As we approach the 15th anniversary of the Miracle on the Hudson, I have been having many conversations with first responders. If you have heard me speak, I share my belief that the true heroes on January 15, 2009, were the NY Waterways and the first responders. What the crew did is truly heroic, and they get all the credit for getting the plane down into the Hudson River; and if the ferries, Coast Guard, and first responders had not been there, that day may have had a totally different outcome.
Over the past fourteen years, I have met several of these heroes and developed personal relationships. I am humbled every time I interact and hear their stories. Many of them were also involved with 9/11. And some of them are still working toward their triumph over the turmoils they have experienced.
Last week, we were preparing for the upcoming 15th anniversary, and one of my first responder friends asked me to hang on the call so he could speak with me. After everyone had left, he started to share some thoughts and got emotional.
He was one of those who were at ground zero the day after the terrorist attacks while the buildings were still smoldering. He is not only struggling with some physical effects but also emotionally. He was with us on 1/15/09 and was a part of the triumph of that day. He asked me about the moment the result of that day hit me and how I overcame my fears and deep emotional scars.
I told him the moment that happened was the next day as I was alone, on a plane, heading to Charlotte. The Captain of that flight and I spoke before we departed. He told me that when we hit 3000 feet, he would ring the bell, and he and I would know where it happened the day before.
When I heard the ding, ding, ding, I looked out the window, and at that moment, everything from the day before rushed through me; I saw what I saw the day before, I heard what I heard the day before, I smelled what I smelled the day before, and I felt what I felt the day before and I got emotional.
I shared what I heard Nelson Mandela say: “Courage was not the absence of fear but the triumph over it.”
That statement helped me over the next several months. And then I shared a part of the strategy I learned and used to help me reframe the meaning from fear to triumph.
I shared that my manager asked me to go to Michigan the next week after the Miracle on the Hudson. I could have said no but I said yes. That decision turned out to be the beginning of turning the turmoil from that day into triumph.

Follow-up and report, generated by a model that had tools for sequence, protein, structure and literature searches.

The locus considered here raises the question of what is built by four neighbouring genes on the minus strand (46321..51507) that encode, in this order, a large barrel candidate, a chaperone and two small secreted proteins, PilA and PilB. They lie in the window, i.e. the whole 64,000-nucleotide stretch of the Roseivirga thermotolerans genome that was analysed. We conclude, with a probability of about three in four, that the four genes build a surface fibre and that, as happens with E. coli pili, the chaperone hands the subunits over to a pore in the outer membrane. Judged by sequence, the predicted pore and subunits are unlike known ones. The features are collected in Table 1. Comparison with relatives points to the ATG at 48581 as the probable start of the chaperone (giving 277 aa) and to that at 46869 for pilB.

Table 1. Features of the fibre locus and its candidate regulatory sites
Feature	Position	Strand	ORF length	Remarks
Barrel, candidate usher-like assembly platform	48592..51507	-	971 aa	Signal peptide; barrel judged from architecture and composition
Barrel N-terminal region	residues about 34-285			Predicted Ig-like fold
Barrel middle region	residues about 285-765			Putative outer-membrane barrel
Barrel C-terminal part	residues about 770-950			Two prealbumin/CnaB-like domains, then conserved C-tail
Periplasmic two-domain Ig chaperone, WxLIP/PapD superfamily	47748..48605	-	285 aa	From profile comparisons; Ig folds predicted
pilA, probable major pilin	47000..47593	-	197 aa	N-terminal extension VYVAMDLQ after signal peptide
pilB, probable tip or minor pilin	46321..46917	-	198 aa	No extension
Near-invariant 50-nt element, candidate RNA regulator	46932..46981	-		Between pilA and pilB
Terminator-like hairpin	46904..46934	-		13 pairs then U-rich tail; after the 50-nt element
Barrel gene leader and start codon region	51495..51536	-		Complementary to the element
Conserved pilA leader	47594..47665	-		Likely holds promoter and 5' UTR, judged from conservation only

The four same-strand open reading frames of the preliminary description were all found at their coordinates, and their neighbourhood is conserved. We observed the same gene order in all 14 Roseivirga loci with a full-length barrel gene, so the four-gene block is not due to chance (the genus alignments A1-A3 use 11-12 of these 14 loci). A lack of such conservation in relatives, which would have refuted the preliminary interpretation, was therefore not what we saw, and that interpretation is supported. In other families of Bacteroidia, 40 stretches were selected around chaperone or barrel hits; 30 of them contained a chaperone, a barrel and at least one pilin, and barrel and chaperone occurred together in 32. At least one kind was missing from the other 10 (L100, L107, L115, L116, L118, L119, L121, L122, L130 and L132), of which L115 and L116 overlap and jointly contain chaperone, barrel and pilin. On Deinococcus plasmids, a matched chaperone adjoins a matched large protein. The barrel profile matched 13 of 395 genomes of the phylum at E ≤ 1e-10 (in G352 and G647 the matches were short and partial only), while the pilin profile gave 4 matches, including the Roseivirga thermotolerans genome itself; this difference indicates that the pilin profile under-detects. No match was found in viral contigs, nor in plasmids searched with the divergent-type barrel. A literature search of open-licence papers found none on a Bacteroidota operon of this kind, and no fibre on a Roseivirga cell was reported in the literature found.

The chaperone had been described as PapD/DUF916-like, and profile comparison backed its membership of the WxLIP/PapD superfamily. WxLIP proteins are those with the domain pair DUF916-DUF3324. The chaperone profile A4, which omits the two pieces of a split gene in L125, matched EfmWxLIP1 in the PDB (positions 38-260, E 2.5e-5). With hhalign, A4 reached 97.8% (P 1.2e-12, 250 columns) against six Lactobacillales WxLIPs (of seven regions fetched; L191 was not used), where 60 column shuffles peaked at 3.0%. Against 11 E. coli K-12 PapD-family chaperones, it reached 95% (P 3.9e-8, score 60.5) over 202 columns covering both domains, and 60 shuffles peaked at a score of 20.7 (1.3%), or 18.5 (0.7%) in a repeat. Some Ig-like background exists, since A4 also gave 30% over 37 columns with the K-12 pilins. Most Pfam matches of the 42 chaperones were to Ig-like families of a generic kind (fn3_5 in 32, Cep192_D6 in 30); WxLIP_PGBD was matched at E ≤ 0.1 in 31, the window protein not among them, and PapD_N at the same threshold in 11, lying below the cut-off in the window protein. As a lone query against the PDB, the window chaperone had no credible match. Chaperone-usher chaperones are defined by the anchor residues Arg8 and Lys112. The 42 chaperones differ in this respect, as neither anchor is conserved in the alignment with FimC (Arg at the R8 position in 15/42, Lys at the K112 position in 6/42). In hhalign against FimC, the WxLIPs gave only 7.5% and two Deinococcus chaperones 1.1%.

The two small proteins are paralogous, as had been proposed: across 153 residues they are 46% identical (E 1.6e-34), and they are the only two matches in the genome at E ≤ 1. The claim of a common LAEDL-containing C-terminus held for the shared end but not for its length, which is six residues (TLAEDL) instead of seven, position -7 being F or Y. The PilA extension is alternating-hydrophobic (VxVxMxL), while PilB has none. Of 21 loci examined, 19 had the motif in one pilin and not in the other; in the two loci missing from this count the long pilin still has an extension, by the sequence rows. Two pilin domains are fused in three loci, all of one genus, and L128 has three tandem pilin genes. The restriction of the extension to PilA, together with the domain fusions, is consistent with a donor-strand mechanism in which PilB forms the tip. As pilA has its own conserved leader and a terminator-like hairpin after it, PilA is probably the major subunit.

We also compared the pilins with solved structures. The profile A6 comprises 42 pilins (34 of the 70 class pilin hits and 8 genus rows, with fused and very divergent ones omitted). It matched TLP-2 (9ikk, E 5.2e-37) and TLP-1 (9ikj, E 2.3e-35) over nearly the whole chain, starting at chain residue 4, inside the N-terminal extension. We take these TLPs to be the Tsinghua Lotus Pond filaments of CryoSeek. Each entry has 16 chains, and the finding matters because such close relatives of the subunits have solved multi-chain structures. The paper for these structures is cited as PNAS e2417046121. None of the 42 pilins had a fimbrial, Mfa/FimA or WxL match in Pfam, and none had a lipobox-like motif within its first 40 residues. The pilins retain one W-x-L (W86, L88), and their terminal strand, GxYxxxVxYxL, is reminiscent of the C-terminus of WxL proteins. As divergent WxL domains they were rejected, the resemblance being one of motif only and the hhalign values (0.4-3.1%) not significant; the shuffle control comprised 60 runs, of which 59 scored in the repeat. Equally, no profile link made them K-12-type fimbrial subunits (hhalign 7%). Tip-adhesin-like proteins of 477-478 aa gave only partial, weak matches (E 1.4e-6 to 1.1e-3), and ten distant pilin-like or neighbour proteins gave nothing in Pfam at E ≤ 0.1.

One pathway I used to overcome the emotional scars from that day was I had to get to work. Not only physical work but also working on my mindset. I learned from my time with Tony Robbins is I didn’t have any problems. I had challenges and opportunities but not problems. I learned to reframe the meaning of a problem, which helped build my personal identity. The strongest force in the human personality is the need to stay consistent with how you define yourself.
Once I started to do that, I began to solve any challenge I encountered in my business, health, and family. Once I solved those challenges, I went to work on the next challenge and then the next; until I solved enough challenges, I built my certainty muscle with the mindset that I could solve any challenge. I made solving challenges a must, and that helped me grow my identity.
I waged and continue to wage a tenacious battle against the mindset of uncertainty and fear, which helps me build my certainty muscle, which allows me to be resourceful and make tough decisions.
We began discussing what he experienced on 9/12/01 and after which were devastating days and contrasting that to what he experienced on 1/15/09 which was a triumph.
We discussed the challenges he overcame, and he started to understand the courage it took to get through those dark days. He also realized he was part of a miracle, a triumph. He realized what Nelson Mandela said: courage was not the absence of fear but the triumph over it.
I’m excited to see him on 1/15/24 in NYC, thanking him and the other New Jersey and New York first responders for their courage and support on January 15, 2009. It will be a day to remember, rejoice and have gratitude for how so many people, who did not know each other or care about each other, came together to produce a miracle out of potential tragedy.
Just think if we could replicate that model, people who don’t care or know each other come together for something bigger than themselves, what miracles could be produced.
A pathway to create opportunity out of uncertainty is to get to work, solve a challenge, do it over and over, and you get to “go home.” You will build your certainty muscle so the next time something happens, you will be the one saying, “Move over, I’ve got this!”
You will be and be seen as the leader you were born to be and be able to turn turmoil into triumph.